Scathed and torn as it was, to a close observer, by the conflicts and marches of the past summer, from the distant point of view occupied by the watchers, all was beautiful and serene. No sigh of war, or its desolating touch, was visible; except that here and there could be seen bodies of marching men, and long trains of wagons, which told of the presence of the enemy. Now, however, the head of every column was turned southward, and the rebel army, which had swept so triumphantly northward over that very country only two months before, was retiring, beaten and baffled, before the army of the Union. The scene was beautiful to the eye, while the reflections engendered by it were of the most hopeful nature, and the sharp shooters descended the southern slope of the mountain


with high hopes and glowing anticipations of speedy and decisive action.

From Snicker's Gap the army advanced by easy marches to Warrenton, where, on the  7th of November, Gen. McClellan was relieved from command and Gen. Burnside appointed to that position. The army accepted the change like soldiers, but with a deep sense of regret. The vast mass of the rank and file honored and trusted Gen. McClellan as few generals in history have been trusted by their followers. He was personally popular among the men, but below and behind this feeling was the belief that in many respects Gen. McClellan had not been quite fairly treated by some of those who ought to have been his warm and ardent supporters. They felt that political influences, which had but little hold upon the soldiers in the field, had been at work to the personal disadvantage of their loved commander, and to the disadvantage of the army and the cause of the Union as well.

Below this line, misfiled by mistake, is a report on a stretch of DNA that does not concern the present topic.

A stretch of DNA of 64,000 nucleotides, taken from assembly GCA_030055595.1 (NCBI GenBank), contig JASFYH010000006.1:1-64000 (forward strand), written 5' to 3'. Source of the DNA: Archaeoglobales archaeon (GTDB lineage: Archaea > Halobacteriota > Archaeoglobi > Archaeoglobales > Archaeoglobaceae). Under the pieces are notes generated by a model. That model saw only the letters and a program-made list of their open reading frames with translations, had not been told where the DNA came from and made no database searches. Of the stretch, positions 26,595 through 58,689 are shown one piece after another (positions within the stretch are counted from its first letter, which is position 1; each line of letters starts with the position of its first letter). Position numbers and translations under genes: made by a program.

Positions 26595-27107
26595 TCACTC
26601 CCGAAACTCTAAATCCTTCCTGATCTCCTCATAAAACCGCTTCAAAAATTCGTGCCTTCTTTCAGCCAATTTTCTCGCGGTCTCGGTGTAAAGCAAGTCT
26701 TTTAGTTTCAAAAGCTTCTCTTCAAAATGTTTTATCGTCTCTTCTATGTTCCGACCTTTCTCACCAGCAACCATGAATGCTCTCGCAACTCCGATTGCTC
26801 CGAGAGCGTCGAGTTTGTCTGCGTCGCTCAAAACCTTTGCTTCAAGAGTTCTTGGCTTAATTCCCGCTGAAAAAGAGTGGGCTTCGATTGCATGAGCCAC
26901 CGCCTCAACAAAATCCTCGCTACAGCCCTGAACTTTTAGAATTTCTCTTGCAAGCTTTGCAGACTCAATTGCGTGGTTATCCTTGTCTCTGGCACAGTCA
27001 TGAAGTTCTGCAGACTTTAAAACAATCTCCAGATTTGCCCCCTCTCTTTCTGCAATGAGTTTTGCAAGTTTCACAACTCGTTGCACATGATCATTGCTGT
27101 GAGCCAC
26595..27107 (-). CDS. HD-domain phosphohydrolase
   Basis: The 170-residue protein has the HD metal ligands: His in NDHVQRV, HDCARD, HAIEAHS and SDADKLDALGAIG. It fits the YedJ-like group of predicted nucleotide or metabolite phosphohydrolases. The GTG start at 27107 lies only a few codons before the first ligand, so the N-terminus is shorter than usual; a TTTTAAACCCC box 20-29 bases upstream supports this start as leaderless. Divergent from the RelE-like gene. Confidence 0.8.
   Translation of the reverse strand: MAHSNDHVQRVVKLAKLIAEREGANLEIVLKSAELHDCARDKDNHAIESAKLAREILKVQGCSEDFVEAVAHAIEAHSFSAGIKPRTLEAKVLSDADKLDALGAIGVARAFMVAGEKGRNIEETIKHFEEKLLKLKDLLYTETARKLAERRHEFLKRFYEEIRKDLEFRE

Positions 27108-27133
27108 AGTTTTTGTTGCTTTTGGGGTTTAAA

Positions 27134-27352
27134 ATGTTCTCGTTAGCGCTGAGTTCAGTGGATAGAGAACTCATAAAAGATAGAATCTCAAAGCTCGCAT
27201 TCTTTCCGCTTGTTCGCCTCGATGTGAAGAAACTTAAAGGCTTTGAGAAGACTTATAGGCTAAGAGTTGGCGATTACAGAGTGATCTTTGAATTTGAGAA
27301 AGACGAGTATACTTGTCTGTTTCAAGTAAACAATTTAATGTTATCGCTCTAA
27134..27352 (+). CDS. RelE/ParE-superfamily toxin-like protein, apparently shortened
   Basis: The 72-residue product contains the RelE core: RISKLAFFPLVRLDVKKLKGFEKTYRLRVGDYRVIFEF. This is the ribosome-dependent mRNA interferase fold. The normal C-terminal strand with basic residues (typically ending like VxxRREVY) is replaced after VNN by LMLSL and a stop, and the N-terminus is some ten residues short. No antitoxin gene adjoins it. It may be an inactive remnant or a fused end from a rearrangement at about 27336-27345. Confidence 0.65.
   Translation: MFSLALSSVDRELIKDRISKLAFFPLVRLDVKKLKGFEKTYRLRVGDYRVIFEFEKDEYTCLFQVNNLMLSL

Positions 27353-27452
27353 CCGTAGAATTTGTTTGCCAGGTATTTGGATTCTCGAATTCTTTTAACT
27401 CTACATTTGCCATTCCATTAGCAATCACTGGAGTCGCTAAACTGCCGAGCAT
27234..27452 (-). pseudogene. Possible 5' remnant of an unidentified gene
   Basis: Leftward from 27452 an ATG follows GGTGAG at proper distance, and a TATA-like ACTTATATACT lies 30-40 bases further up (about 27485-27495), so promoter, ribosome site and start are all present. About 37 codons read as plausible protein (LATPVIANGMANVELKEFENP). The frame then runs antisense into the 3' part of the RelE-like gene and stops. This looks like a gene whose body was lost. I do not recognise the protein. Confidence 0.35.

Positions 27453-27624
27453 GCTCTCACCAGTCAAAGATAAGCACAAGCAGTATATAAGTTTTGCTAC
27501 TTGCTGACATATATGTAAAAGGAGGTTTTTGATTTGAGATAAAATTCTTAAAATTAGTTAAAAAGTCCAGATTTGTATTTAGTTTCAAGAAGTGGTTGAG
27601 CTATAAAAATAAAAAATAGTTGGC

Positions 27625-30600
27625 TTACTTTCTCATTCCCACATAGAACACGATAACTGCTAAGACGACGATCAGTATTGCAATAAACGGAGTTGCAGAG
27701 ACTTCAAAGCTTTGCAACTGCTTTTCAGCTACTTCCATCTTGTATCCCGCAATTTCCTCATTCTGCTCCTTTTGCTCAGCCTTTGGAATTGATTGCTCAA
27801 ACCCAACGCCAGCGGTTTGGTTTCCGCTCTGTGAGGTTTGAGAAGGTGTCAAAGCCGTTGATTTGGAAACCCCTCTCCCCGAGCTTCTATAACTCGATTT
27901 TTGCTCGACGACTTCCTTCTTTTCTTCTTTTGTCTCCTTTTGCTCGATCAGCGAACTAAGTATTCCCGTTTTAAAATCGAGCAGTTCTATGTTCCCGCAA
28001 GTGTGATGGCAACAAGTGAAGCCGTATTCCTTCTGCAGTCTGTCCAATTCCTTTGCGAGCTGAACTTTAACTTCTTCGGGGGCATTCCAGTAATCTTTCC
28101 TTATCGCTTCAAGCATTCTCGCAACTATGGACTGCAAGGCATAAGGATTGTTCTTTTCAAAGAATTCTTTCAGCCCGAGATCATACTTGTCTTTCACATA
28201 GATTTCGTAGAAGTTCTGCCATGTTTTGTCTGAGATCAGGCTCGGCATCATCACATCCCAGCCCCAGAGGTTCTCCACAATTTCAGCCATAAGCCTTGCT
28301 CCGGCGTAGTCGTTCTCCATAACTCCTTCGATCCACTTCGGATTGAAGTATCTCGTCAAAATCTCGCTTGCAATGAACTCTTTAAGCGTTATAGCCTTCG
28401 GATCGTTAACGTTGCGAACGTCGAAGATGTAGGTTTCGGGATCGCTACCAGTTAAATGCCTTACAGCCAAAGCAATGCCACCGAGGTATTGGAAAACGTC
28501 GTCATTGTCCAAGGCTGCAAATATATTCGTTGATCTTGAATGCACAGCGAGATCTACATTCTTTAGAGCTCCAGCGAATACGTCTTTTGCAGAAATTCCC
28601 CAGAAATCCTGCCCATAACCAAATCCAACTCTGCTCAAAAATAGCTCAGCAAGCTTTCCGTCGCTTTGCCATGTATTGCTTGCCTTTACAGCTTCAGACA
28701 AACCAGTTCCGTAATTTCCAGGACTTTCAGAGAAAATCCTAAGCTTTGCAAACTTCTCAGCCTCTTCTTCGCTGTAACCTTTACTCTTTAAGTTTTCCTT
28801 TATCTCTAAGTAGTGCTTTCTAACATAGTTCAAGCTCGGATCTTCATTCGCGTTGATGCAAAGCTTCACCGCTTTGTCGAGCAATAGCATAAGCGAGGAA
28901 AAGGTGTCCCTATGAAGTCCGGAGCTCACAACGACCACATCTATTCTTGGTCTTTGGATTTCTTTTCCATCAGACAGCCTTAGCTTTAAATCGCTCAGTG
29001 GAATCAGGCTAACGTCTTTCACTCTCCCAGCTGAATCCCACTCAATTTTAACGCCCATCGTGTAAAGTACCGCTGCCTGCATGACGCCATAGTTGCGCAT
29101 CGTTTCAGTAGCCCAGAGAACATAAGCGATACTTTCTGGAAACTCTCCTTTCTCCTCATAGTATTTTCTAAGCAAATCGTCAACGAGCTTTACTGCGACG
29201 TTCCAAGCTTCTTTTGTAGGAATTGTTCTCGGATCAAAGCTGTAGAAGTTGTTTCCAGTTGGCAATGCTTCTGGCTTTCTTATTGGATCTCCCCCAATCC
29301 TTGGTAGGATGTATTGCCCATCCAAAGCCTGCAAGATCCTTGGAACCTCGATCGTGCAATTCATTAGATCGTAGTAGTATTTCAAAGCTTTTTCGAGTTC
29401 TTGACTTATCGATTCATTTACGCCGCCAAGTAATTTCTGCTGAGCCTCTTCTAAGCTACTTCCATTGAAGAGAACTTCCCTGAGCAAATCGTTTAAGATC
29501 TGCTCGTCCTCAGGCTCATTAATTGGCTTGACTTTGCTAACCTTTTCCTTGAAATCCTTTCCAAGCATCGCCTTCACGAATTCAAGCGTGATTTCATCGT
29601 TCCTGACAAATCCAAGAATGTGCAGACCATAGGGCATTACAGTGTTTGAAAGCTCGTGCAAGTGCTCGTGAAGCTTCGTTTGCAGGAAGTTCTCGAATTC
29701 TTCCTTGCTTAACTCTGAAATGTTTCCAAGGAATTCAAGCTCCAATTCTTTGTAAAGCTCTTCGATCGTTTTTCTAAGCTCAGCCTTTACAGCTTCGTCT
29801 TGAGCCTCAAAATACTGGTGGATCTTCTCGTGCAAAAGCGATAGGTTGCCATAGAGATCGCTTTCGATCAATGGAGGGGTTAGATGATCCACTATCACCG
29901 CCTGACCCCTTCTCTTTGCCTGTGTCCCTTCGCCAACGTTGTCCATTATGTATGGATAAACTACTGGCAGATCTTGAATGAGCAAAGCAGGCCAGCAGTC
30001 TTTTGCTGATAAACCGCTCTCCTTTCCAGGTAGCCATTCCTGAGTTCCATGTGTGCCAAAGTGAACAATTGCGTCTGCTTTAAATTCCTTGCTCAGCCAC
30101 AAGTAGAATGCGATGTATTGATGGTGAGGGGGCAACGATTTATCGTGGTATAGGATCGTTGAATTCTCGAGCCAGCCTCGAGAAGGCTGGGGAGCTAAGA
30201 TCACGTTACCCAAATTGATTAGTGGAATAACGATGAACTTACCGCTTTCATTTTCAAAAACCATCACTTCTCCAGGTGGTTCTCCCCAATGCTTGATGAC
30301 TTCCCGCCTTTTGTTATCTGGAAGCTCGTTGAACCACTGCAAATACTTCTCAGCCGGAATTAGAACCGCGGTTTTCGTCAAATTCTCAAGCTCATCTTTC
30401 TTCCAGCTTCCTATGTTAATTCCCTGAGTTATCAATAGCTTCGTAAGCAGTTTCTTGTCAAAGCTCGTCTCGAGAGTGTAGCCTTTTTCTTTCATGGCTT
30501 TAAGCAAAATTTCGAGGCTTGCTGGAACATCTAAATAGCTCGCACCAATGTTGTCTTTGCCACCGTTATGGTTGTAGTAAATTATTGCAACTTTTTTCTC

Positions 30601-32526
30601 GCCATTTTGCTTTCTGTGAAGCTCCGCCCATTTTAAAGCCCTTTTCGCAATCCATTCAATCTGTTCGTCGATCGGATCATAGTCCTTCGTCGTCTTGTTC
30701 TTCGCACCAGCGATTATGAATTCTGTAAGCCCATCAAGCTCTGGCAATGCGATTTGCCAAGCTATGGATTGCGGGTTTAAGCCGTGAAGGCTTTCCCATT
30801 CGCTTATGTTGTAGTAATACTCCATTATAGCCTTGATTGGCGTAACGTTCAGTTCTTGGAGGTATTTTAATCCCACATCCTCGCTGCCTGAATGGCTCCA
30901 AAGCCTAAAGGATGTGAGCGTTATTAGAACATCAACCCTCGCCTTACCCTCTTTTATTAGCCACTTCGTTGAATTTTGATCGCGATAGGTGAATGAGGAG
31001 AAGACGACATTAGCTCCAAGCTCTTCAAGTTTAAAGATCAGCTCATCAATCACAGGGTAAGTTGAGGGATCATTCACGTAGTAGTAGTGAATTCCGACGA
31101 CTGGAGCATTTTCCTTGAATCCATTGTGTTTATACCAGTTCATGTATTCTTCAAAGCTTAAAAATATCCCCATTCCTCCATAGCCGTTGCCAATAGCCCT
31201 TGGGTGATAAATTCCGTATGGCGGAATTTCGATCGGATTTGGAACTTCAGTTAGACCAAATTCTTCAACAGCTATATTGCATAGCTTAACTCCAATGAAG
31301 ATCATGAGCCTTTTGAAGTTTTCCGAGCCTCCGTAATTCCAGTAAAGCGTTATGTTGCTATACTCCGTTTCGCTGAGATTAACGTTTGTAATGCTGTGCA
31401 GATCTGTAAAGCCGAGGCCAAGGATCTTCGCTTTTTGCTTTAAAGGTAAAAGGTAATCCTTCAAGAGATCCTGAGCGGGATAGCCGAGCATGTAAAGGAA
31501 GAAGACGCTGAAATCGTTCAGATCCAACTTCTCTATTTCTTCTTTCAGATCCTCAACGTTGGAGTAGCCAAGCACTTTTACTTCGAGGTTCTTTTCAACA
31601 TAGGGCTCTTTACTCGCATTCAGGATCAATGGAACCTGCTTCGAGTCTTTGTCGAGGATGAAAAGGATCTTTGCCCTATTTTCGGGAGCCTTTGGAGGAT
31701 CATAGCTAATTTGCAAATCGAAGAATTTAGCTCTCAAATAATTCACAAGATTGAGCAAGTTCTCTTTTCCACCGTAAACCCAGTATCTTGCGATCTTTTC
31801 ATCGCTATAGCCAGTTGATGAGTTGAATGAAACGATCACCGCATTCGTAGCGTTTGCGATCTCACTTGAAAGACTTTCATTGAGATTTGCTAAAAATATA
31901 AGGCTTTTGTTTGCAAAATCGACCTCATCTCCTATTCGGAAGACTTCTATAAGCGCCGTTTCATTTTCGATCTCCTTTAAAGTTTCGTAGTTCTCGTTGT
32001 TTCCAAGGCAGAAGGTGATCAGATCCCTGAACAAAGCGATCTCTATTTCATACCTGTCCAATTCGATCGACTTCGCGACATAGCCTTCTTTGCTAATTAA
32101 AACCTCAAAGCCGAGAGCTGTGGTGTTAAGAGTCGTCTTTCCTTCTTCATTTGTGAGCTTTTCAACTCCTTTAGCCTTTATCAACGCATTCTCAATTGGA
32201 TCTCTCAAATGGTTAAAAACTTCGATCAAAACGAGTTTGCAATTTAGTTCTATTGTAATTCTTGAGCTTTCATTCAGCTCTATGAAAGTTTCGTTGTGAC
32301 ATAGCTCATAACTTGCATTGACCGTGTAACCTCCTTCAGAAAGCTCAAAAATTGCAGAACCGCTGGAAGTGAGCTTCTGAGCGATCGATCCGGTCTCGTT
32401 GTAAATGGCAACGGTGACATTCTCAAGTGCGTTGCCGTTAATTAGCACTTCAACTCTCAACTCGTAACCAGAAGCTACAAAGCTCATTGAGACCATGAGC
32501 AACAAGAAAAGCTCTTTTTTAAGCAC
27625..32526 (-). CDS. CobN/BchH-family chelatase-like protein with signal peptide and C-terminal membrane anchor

Whether they were right or wrong, they regretted the change most deeply, and I this general feeling the sharp shooters stood with the great mass of the army.

While they were always ready with a prompt obedience and hearty support of their later commanders, the regiment never cheered a general officer after McClellan left the head of the Army of the Potomac.

After a few days of rest at Warrenton to allow Gen. Burnside to get the reins well in hand, the


army was put in motion towards Fredericksburgh where the arrived on or about the 23d of November. While at Warrenton Gen. Burnside effected a complete reorganization of the army, on a plan which he had been pressing upon the notice of his superiors for some time. The entire army was divided into three Grand Divisions, the right under Sumner, the center under Hooker, and the left under Franklin. The Fifth Corps formed part o the Center Grand Division under en. Hooker, and at about the same time Gen. F. J. Porter, who had been its commander since it organization while the army lay before Yorktown during the preceding April, was relieved from his command and was succeeded by Gen. Dan'l Butterfield.